If you do choose to write a word, try this font generator. Enter the word, click submit and your word is presented in a ton of fun styles.
Let's add some dots!
This is the fun part — making dots! We decided to make this rock a combination of light blue, purple and grey. To get started with the dots, choose one of your accent colors and start drawing large dots. There’s really no right or wrong way to do this. It helps if dots are spaced out a bit to leave room for the other color dots.
For drawing the larger dots, this is where the Posca medium point paint pen comes in handy as the larger tip size allows you to move through this step pretty quickly (and, how we were able to complete this rock in 15 minutes!)
Switch colors and keep adding dots
Once you feel like you have nice distribution of your first colored dots, move on to a second color and repeat the process (keeping with the larger sized dots).
Honey, I Shrunk the Dots!
Raise of hands if you get this movie reference. 🙋
By now, your design should start to be looking more like a dotted mandala. We’re using an approach where dots are sort of scattered throughout the rock. Many dot mandala designs start at the center of the stone and feature concentric circles with varying sized dots with different colors. Again, it’s really up to you!
We’re now on our third color, grey, and are drawing those dots slightly smaller than the light blue and purple dots. The idea here being we’re starting to fill in more of the base color with the colors of the dots and trying to fill in the rock with dots. This is where you have to just see what color dots make sense where. For example, we tried not to have too many of one color dot next to the same color. Drawing smaller dots of the same color next to a larger dot worked fine because the difference in size created a bit of a distraction to the eye and blended everything together to still make for a nice design.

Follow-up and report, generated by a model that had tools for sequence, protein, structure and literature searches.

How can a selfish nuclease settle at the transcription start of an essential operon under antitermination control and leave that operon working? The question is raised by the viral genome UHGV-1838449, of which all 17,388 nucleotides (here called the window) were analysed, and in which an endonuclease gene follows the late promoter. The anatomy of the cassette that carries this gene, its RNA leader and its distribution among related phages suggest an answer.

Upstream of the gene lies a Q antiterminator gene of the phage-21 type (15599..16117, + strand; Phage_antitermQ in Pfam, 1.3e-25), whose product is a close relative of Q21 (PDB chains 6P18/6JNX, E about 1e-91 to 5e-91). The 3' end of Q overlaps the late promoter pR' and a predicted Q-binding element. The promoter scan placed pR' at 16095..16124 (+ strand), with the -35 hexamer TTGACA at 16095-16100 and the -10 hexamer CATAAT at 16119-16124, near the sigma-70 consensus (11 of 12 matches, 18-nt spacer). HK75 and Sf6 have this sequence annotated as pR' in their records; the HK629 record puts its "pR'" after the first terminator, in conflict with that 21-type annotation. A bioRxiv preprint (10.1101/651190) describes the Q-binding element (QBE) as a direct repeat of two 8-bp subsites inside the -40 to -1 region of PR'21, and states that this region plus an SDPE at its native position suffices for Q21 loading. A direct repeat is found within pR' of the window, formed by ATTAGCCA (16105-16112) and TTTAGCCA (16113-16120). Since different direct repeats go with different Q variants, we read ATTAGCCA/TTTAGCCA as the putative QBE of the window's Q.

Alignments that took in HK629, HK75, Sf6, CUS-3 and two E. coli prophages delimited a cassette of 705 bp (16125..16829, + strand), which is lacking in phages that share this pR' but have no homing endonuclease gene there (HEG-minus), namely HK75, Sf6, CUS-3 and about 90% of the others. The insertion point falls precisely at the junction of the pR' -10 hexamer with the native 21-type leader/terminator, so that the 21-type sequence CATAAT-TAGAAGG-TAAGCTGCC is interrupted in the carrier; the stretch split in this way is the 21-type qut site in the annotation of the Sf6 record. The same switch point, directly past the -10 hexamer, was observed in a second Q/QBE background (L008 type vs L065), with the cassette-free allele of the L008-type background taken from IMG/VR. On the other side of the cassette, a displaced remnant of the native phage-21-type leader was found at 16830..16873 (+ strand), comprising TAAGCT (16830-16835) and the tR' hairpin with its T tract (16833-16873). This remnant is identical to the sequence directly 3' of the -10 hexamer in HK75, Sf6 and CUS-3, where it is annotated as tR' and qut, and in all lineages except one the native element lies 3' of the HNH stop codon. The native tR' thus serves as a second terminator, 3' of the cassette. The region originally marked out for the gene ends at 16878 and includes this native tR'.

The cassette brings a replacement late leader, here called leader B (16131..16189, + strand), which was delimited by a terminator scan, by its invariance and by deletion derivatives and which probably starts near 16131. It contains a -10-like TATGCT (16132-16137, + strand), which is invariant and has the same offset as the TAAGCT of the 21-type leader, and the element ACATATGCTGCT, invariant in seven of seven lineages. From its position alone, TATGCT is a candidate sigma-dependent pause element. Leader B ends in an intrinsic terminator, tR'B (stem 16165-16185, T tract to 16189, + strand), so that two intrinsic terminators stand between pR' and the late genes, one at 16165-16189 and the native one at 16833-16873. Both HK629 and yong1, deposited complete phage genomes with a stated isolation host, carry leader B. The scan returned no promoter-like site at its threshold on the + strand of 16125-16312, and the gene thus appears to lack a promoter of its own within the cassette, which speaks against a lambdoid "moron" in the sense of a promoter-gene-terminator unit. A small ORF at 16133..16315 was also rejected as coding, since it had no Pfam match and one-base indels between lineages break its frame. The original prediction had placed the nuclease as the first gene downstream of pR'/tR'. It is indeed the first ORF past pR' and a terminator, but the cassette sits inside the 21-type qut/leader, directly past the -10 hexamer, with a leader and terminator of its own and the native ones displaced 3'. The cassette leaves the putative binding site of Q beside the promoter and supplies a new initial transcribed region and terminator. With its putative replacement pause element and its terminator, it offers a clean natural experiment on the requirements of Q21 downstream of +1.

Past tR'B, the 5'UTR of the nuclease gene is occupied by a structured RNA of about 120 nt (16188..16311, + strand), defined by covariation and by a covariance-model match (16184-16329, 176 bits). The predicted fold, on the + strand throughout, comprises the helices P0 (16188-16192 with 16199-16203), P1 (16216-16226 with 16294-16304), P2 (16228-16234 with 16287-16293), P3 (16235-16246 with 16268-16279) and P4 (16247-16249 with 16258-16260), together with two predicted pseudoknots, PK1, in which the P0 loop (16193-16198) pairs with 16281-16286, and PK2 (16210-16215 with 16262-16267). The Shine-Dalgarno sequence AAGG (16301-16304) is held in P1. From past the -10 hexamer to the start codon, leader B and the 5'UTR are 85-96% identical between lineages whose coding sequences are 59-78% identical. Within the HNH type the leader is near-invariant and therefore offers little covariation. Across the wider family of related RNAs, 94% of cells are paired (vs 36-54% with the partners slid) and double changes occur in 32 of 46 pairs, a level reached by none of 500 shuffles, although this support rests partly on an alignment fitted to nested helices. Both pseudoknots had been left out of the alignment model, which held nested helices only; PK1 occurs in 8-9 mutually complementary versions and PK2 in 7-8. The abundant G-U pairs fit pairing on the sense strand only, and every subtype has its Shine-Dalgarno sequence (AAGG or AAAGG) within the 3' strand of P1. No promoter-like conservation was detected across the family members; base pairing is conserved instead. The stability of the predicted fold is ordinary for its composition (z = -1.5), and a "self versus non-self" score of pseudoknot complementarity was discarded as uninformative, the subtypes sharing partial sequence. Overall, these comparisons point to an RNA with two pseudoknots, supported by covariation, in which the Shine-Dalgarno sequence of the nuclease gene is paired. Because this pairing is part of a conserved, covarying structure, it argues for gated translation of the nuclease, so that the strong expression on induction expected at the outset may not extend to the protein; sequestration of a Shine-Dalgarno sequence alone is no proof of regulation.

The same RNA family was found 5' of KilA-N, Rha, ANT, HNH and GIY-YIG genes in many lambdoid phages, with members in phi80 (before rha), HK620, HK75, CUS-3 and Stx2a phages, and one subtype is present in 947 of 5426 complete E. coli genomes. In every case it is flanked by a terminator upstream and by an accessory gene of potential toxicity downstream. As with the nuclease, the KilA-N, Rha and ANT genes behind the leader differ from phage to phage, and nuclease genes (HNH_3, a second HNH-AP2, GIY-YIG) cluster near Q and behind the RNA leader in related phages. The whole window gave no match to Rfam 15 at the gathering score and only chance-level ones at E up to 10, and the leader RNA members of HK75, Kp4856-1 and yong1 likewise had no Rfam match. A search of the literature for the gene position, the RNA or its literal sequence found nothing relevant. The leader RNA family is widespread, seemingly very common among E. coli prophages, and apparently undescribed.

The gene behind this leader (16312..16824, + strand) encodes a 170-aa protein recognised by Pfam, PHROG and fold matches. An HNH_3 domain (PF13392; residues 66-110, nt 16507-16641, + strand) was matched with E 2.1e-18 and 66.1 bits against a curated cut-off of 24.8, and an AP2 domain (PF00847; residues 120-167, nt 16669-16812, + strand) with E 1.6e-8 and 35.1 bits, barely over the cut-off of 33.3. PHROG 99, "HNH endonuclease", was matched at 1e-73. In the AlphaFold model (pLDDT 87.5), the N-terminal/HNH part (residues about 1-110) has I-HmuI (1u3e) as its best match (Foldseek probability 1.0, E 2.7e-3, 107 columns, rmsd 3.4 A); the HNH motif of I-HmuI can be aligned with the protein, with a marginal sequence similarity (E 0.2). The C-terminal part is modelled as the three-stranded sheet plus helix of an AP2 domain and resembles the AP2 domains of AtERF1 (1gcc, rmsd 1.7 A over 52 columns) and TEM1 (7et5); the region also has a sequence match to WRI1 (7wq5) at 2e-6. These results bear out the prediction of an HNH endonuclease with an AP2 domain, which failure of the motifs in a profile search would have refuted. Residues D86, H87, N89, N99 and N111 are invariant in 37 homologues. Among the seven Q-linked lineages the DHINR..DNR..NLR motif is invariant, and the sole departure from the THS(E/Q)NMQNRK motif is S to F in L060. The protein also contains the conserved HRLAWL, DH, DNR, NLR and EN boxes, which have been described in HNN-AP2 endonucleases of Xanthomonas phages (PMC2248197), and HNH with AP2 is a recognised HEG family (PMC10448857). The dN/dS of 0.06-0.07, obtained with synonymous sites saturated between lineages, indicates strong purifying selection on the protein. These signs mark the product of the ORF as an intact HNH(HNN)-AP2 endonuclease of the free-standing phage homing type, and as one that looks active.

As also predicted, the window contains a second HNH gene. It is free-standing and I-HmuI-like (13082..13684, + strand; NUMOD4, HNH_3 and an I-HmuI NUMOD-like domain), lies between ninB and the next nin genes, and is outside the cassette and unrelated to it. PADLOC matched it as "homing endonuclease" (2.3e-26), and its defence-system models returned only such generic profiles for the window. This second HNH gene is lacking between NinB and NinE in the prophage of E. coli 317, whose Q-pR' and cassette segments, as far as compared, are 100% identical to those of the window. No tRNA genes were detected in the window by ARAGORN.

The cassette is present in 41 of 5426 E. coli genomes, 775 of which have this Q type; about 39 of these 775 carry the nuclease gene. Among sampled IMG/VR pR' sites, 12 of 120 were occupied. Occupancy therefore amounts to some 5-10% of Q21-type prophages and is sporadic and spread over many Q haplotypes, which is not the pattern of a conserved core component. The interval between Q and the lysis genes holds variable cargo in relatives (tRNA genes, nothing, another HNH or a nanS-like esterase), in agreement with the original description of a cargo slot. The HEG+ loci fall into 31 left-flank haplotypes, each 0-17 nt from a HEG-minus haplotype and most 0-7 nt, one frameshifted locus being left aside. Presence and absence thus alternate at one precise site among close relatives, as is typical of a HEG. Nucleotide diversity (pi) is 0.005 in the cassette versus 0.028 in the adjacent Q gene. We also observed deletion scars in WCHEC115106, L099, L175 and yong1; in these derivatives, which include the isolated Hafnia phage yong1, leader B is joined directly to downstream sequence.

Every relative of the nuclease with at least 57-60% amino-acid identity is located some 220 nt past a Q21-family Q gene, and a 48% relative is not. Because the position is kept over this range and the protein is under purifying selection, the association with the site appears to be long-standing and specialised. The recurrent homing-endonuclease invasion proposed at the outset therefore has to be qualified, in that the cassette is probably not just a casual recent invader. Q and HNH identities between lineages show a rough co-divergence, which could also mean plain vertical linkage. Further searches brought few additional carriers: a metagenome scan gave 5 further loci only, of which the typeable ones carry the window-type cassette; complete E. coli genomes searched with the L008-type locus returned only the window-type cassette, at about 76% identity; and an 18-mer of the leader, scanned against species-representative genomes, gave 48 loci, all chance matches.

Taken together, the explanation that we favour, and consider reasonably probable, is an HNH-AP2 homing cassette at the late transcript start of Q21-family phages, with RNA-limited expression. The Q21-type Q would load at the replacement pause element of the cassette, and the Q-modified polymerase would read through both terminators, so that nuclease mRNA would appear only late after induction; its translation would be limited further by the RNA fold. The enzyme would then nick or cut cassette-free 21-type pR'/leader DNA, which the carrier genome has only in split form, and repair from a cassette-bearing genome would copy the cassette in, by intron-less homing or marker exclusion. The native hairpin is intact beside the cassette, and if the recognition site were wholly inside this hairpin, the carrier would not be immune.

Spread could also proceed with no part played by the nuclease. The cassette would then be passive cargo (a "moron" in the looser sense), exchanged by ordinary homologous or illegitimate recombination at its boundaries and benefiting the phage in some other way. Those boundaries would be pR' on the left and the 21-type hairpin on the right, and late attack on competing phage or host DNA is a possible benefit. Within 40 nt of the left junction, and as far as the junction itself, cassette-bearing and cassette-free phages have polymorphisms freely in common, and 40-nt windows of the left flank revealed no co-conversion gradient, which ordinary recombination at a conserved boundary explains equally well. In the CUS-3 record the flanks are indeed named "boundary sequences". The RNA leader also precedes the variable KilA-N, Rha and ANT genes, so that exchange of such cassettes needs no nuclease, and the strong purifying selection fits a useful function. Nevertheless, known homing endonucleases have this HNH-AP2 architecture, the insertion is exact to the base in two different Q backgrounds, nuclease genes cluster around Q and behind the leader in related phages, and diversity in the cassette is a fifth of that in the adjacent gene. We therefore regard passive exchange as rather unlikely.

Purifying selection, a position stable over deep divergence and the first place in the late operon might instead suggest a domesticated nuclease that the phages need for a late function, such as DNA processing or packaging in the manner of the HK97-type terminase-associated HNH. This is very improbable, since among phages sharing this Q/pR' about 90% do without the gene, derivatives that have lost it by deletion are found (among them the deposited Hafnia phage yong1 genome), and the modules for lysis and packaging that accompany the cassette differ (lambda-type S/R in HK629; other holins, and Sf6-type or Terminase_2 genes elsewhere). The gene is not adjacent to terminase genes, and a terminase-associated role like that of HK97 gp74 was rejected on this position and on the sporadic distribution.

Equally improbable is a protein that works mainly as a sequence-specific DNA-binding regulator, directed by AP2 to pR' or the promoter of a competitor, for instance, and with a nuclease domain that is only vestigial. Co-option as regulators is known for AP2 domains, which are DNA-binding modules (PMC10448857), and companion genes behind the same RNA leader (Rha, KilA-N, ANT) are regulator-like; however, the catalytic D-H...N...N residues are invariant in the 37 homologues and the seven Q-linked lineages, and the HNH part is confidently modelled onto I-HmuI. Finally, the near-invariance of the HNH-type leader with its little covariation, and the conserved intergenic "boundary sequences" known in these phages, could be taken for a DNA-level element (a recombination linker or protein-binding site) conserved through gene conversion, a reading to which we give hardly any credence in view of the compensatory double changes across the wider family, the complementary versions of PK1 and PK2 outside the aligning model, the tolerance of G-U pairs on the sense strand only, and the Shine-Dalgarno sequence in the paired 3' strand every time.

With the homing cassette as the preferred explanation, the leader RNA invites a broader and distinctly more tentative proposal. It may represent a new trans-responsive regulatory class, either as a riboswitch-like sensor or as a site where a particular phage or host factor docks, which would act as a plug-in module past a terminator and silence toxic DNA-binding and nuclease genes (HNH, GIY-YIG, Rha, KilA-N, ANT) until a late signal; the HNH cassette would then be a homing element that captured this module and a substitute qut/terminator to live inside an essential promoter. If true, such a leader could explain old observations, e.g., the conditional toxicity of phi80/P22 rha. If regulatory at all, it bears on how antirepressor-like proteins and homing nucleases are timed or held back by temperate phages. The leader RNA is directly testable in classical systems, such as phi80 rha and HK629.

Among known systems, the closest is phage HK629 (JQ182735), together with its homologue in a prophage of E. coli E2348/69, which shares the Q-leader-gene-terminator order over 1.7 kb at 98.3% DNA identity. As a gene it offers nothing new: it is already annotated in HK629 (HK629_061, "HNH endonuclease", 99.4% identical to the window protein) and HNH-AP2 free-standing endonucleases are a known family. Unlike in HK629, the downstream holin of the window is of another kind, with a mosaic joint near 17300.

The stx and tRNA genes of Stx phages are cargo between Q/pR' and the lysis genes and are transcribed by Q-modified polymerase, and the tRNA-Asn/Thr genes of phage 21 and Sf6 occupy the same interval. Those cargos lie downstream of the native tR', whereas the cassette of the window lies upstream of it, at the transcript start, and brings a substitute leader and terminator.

Up until this point, if you’ve been using the Posca medium point paint pens, now is the time to switch over to the Posca extra fine point paint pens. The goal with this step is to fill in the rest of the rock with smaller dots (while still leaving a bit of the background color to show through). As you can see, we even filled in around the word. Add as many or as few dots as you would like to achieve the final look you’re going for.
VOILA! You did it!
We’ll admit that at first, we were intimidated trying a mandala design. But, after taking a step back and thinking about the process step by step, it seemed totally doable! This design was done fairly quickly to simply illustrate the process. With more time and attention to detail, you can really create a masterpiece on your stone.
Be creative! Switch up the word, the style of lettering, the color of the background and colors of the dots. We’ve since tried more designs, like the one below, using this technique and the more we practice, the easier it gets.